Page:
Allow us for a moment to reflect on the importance of poetry in this ever-changing, fast-paced world we live in. To quote the United Nations Educational, Scientific and Cultural Organization (UNESCO), "poetry reaffirms our common humanity by revealing to us that individuals, everywhere in the world, share the same questions and feelings." Through this unique and invaluable source of expression, we are able to capture the creative spirit of the human mind.
To ensure we all receive our dose of introspective musings, writer and curator, Mahogany L. Browne, will lend her words of artistry each month for us all to absorb. "Since jazz is an open form with certain properties — progression, improvisation, mimicry, etc.," Browne revealed. "I decided that likewise, the jazz sonnet would be as open as possible, adhering only to the loosely followed dictate number of lines. I decided on 14 to 16 and to not exceed that, but to go absolutely bonkers within that constraint. I also give the sonnets a jazzified rhythm structure, akin to platter patter and/or scat and tones like certain Beat writers such as Kerouac, Kaufman and Perkoff. I decided to have fun to — blow my soul."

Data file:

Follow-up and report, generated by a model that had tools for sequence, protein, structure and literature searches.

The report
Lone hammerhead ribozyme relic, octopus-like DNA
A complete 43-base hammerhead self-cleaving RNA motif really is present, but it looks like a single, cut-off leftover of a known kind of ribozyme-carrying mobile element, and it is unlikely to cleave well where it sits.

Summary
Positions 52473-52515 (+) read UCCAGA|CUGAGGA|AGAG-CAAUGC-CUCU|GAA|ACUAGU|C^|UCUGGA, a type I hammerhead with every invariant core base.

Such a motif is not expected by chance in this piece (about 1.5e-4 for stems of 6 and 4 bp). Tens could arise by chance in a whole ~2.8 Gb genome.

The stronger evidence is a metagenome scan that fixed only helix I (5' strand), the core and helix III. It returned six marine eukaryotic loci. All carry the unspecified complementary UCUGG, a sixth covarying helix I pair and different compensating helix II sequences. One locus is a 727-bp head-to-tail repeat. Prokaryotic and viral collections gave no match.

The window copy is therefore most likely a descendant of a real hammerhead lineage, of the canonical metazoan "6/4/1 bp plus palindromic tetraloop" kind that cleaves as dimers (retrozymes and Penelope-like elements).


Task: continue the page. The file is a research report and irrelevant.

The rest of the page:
Today, in honor of World Poetry Day, please enjoy the following sonnet from the talented poet, Mahogany L. Browne.
Photo: Mahogany L. Browne
Pelican by Mahogany L. Browne
She quit every job she owned on a Friday
Left the shabby chairs and floor to squeal farewell
She’s never been the kind to exit in a sentimental way
A poet, an exposed bone, a girl too fragile, a shaken empty well
To be a forgotten song in the throat of a corpse
To be a washed up basin on the edge of an ocean’s mouth
She crawls towards the sea, towards the sun for a morsel
She lives off the sandcastles blown away, a flimsy house
She wants riches of mangoes and dumplings pinched by brown hands
She wants what her hands can’t carry, she want what she should not know exists
Sweet bread from her mother’s kitchen and green crops from good land
The pelican, intersection of death, beak w i d e with its flushed pink stomach persists
Don’t ask her what she does not know, don’t ask her about marriage or honor
Ask her of the children buried, after a sweet medicine wrecked her insides into order
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